Art Marcum and Matt Holloway, two of the writers of Iron Man and Punisher: War Zone, have locked down their next comic adaptation - Nickelodeon's reboot of Teenage Mutant Ninja Turtles, which Michael Bay's Platinum Dunes is producing for Paramount Pictures.
Paramount and Nickelodeon picked up the property rights for the four martial arts-trained, anthropomorphic turtles for some $60 million last year from Mirage Studios, and are planning to recoup their investment with an animated TV show and merchandise alongside the upcoming feature.
Heatvision reports that if Marcum and Holloway's script is strong enough, the studio will likely sign a director and begin production as early as next year.
Although it may seem like odd timing to pick up a cartoon franchise that peaked in popularity in the late 1980s and early 1990s, Paramount's TMNT reboot is in keeping with Hollywood's recent obsession with the financial viability of choosing to tap into established fan bases rather than develop new properties. Still, one wonders if the rights to a 30-year-old property are really worth $60 million in 2010. The demographic that the original comic and cartoon series appealed to has long since grown up, and Nickelodeon is going to have to find a way to connect with a new generation of young moviegoers for whom TMNT nostalgia won't be a factor. Even though the studio is probably thinking more about the profitability of the inevitable merchandising bonanza rather than the film itself, $60 mil is a fair amount of money to be in the hole before a script has even been written.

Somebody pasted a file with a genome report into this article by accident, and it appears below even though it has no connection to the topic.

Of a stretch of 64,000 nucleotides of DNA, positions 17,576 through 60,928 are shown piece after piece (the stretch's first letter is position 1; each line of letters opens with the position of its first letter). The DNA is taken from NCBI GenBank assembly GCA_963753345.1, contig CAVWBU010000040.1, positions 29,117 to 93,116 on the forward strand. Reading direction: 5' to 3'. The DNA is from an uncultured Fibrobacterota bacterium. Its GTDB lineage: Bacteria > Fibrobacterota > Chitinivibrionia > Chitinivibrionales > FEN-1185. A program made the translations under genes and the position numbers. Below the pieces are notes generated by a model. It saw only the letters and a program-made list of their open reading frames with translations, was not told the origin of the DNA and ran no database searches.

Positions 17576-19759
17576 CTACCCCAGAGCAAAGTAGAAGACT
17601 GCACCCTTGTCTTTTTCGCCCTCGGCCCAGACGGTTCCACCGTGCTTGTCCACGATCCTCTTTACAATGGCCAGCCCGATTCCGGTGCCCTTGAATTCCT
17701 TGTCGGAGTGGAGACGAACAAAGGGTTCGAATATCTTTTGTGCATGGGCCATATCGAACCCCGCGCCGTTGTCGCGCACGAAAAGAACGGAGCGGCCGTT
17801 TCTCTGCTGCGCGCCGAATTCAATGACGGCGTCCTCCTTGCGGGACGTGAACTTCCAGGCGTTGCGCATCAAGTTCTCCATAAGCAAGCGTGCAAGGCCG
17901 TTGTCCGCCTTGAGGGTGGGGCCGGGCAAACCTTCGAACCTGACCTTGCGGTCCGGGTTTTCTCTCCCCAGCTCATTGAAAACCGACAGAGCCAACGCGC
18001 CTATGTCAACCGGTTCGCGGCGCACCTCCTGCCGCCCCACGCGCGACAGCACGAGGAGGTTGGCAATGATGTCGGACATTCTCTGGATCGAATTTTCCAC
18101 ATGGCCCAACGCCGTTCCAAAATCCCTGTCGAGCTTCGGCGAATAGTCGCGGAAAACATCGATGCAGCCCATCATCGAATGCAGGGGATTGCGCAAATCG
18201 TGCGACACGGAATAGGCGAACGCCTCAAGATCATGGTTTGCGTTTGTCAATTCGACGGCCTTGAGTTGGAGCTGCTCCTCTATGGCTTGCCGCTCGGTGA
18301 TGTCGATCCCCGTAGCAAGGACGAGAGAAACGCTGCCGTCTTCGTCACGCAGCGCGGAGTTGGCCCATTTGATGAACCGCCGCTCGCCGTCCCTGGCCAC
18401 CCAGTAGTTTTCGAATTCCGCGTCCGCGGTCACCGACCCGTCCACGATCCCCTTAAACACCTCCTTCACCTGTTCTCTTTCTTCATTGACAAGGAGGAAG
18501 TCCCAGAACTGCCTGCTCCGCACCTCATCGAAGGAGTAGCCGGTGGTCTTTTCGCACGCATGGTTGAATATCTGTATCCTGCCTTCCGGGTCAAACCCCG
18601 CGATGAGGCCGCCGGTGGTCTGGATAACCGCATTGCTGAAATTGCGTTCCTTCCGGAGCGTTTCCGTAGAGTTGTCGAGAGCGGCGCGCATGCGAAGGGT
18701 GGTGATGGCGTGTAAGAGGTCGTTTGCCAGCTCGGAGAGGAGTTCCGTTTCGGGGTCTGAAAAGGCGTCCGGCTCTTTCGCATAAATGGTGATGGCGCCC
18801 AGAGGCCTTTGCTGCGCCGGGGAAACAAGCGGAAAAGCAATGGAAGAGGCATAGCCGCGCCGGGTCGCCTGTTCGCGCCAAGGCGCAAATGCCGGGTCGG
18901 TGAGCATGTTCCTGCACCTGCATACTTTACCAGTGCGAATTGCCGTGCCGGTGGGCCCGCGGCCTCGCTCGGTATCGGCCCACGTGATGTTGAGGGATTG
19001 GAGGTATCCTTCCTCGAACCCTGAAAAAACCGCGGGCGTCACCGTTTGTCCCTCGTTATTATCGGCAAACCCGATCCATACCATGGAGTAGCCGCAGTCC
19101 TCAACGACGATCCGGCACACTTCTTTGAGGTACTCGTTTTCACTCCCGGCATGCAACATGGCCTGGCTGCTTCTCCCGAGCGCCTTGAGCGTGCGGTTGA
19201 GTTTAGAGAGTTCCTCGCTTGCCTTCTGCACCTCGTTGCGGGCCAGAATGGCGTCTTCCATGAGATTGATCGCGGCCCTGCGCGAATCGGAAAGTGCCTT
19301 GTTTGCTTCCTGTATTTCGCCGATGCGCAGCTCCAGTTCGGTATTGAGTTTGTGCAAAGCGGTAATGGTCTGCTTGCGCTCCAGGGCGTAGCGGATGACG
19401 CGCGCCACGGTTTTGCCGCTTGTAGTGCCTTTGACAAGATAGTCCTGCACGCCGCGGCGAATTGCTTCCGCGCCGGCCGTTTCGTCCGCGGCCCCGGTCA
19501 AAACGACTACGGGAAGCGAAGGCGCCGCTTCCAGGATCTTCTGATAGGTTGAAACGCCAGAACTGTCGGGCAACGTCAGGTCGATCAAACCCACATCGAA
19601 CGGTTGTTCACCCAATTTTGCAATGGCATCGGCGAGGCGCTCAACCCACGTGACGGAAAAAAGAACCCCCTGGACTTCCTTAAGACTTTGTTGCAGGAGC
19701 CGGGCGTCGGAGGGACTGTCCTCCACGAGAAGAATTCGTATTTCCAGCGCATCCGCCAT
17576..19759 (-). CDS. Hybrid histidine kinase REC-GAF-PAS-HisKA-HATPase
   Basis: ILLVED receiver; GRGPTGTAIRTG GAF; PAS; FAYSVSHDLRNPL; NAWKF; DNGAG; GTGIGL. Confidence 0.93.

With all that money (and our collective childhood memories) riding on their shoulders, I hope Marcum and Holloway will be able to come up with a worthwhile script that doesn't take itself too seriously. While "dark and gritty" reboots have been the popular trend of late, let's not forget what TMNT actually stands for and all the silliness that implies. These are four crime-fighting, teenage turtles - named after Renaissance artists - with an insatiable hankering for pizza; personally, I'll pass on any Nolan-esque "realistic" reimagining.